How much is too much to pay for energy-efficient light bulbs?

Energy-conscious consumers appear willing to shell out more money for more expensive LED and CFL bulbs, as long as they last longer and are energy efficient. Would consumers be willing to pay $50 for one light bulb, though?

Last week, The Washington Post reported that Philips will soon begin offering an LED bulb that runs on 10 watts, lasts longer than traditional bulbs and emits brighter colors. Although consumers may scoff at the $50 price tag, Philips is on the right track when it comes to lighting solutions.

"I don't want to say it's exorbitant, but if a customer is only looking at the price, they could come to that conclusion," Home Depot senior official Brad Paulsen told The Washington Post. "This is a Cadillac product and that's why you have a premium on it."

LED bulbs are appealing to consumers because they last about 20 times longer than the average incandescent bulb – 100,000 hours compared with 5,000 hours. The primary reason for this difference is that most of an incandescent bulb's energy – about 80 percent –  is lost as heat energy. An LED light is much more energy efficient, in that it only loses 20 percent of its energy to heat. This may also make bulbs safer, as they are not nearly as hot.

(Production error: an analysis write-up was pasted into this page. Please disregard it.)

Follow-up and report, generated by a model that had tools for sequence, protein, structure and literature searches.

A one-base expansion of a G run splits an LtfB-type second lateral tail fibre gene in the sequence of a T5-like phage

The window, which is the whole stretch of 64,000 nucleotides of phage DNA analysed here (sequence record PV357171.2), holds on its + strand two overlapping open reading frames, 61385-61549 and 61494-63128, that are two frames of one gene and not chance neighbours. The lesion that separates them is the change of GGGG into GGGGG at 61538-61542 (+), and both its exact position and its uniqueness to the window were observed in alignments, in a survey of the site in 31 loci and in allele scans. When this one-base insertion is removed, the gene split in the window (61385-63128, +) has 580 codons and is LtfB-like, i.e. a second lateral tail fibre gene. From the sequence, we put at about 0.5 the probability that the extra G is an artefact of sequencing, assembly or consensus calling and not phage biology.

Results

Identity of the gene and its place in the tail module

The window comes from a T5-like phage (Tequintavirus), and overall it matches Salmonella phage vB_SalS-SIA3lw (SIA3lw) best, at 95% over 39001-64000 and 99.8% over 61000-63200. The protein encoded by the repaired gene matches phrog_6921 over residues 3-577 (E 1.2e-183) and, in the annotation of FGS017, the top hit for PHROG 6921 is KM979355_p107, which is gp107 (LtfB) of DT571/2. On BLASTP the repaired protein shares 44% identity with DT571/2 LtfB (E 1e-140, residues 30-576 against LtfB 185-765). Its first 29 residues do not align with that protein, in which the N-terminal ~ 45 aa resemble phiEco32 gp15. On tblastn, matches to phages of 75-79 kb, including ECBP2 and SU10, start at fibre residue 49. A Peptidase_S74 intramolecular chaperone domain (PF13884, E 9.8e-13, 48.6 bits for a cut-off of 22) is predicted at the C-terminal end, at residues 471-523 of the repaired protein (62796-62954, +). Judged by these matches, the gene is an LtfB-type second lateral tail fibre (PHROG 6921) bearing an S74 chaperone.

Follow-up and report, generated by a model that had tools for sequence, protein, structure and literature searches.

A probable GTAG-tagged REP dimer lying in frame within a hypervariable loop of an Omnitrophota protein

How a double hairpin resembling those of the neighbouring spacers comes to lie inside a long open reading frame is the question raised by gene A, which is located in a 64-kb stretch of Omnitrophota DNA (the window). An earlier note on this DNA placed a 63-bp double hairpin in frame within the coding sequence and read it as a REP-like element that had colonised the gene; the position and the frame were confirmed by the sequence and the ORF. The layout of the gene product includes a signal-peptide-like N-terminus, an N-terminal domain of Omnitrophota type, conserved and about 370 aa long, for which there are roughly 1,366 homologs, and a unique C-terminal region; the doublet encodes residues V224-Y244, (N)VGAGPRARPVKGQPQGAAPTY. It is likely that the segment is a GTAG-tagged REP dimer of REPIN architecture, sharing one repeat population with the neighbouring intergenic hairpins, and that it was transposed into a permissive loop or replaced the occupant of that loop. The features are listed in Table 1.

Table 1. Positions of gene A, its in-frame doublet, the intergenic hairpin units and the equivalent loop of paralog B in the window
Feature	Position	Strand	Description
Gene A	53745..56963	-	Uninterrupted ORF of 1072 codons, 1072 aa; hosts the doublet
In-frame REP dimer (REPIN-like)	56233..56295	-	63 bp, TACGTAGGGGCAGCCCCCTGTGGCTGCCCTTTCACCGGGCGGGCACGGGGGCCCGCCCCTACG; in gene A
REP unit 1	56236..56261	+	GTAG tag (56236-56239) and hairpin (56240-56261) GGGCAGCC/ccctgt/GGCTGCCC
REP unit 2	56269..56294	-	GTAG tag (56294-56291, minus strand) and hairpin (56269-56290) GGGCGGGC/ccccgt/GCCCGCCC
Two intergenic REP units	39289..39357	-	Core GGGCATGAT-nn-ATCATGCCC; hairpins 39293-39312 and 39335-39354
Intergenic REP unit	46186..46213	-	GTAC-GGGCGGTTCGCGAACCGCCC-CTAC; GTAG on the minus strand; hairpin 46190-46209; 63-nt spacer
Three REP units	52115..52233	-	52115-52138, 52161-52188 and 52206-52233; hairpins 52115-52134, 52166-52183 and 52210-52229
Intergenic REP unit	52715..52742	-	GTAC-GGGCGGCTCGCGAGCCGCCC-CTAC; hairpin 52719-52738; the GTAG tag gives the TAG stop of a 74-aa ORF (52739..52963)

Although LED and CFL bulbs do have higher up-front costs, their extended lifetimes, relative to incandescent bulbs, provide long-term financial benefits to consumers. Users of these energy-efficient bulbs also do not have to worry about regularly purchasing and changing light bulbs.

Upgrading lighting is one of the easiest ways for a consumer to begin unlocking the basics of energy-efficient homes. To learn about addition strategies to cut utility bills, homeowners should contact a Washington, D.C. home inspection provider to conduct an energy audit in their residences.